Saturday, February 9, 2008


Tuesday, November 20, 2007

Hypoglycaemia(Low blood sugar)


“Doctor, Dada (eldest brother) is admitted in a hospital in US” Said Dada’s younger brother to me on telephone.
“What? When? What happened?” Shocked I asked impatiently.
“Two days ago in the evening he swooned, lay on the ground, developed convulsions, bit his tongue which subsequently started bleeding----“
“Did it happen around seven P.M.?” I asked
“Yeah, yeah. Exactly. How do you know? Has any one informed you before?”
“No, no.” Without replying his question I asked, ”What happened after that?”
“The emergency ambulance was called for. His EKG (ECG) was recorded. It was normal. His blood sugar was tested. It was normal. He was still unconscious. In that state he was admitted in the hospital. They gave him some medicines. But he took little more time to regain consciousness.”
“Tell him to reduce the dose of insulin.” I advised on telephone.
“He underwent emergency CT and MR scans. Both the investigations were normal. Tomorrow is an appointment for EEG.”
“It will also be normal. If he reduces the dose of insulin, the trouble will be over.” I advised again.
As expected, his EEG was also normal. He was then discharged from the hospital. Two days later he himself talked to me on telephone. He narrated me the incident and said
“I do not remember what happened after I swooned. My all tests are normal. The doctors here took Neurologist’s opinion. He advised me to take anticonvulsant drugs----“
I interrupted and asked
“What dose of insulin are you taking?”
“Twelve units”
“Here in Mumbai you were taking six units. Even with that dose your blood sugar was low in the evening at about seven P.M. Right?”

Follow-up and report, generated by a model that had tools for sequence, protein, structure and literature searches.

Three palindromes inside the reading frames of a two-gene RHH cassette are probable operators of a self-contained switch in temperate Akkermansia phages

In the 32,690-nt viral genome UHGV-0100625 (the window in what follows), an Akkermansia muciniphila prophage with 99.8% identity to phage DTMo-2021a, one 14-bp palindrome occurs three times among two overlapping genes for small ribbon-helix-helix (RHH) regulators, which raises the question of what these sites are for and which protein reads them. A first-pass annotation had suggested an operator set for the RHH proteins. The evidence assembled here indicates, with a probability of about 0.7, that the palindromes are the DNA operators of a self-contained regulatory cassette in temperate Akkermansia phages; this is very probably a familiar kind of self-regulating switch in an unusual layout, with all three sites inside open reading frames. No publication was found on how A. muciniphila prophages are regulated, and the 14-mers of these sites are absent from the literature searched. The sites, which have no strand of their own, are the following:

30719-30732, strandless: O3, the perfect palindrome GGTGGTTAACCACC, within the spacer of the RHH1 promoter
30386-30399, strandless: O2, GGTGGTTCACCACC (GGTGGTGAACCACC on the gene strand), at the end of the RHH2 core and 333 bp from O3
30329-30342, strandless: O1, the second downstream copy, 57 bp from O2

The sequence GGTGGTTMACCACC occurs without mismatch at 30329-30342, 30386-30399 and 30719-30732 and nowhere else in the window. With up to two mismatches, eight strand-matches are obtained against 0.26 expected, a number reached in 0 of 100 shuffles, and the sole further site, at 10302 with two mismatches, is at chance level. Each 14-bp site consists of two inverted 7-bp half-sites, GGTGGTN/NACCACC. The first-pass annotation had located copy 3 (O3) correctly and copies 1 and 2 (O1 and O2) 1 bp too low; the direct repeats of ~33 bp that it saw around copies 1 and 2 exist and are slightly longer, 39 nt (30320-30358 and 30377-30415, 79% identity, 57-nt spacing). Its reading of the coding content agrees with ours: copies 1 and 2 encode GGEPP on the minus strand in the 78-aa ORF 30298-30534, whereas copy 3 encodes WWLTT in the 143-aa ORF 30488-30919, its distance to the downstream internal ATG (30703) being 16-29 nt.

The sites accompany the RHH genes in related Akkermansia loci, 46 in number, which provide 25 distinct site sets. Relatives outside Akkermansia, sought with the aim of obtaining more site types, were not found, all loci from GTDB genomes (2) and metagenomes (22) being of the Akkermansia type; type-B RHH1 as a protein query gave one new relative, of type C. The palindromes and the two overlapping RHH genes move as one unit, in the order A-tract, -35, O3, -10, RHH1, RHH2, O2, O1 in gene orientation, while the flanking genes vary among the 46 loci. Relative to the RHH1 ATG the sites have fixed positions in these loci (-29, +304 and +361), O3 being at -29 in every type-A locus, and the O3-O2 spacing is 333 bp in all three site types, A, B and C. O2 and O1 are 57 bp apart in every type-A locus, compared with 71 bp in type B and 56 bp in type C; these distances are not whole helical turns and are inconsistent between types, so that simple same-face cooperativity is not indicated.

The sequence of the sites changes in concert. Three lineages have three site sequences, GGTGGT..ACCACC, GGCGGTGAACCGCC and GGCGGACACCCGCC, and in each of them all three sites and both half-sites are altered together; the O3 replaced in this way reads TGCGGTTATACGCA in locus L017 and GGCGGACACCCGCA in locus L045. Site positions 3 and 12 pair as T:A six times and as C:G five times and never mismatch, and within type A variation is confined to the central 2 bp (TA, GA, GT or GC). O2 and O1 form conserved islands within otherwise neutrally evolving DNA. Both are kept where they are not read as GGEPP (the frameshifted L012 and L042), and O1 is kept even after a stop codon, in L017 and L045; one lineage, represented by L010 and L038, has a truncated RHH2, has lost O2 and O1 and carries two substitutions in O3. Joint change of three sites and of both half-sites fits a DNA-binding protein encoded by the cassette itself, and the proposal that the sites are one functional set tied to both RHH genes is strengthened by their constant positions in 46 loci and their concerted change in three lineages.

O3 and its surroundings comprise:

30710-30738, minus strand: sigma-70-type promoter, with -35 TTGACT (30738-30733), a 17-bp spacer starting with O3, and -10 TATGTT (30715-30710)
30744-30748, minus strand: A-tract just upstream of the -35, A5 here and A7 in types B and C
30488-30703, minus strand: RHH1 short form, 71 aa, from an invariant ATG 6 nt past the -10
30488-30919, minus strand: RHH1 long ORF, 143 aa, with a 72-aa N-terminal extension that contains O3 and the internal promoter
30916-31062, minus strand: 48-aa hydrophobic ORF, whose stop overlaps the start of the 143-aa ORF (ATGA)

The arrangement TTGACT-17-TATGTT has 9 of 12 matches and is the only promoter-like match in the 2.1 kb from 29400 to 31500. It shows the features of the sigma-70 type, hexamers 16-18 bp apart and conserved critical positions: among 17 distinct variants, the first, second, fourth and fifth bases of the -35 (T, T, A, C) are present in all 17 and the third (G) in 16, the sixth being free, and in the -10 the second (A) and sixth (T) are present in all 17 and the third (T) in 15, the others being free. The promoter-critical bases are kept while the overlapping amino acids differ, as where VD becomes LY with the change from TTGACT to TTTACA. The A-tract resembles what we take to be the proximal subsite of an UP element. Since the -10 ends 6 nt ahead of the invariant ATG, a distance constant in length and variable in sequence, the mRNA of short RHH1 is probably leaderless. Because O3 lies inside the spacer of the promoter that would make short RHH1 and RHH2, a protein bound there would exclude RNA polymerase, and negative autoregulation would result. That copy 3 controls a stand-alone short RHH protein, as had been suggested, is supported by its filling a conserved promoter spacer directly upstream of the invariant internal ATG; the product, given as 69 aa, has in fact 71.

“I have seen you eat sweets at that time.”
“Now you are taking twelve units, which is quite a high dose!”
“But doctor here I eat more and eating habit is also very irregular”
“You have glucometer with you. You record the sugar level and titrate the dose of insulin accordingly. Do not increase the dose blindly.”
“OK. Should I continue anticonvulsants?”
“Since the Neurologist in US has prescribed, you abide by his advice till you come back to Mumbai. We shall reassess the problem and do the needful.”
“Exactly this is what the Neurologist here advised.”
“When are you coming back?”
“Next month”
“Till then you take the same dose of insulin as you were taking in Mumbai”
When he came back to Mumbai we consulted a Neurologist.
“To be safe you take the newer anticonvulsant.” Said the Neurologist.
He did not tolerate the drug. So I said
“You discontinue the drug but follow the schedule of insulin doses rigidly. Do not alter the doses on your own“
After having adjusted the doses of insulin never ever did he swoon nor develop convulsions.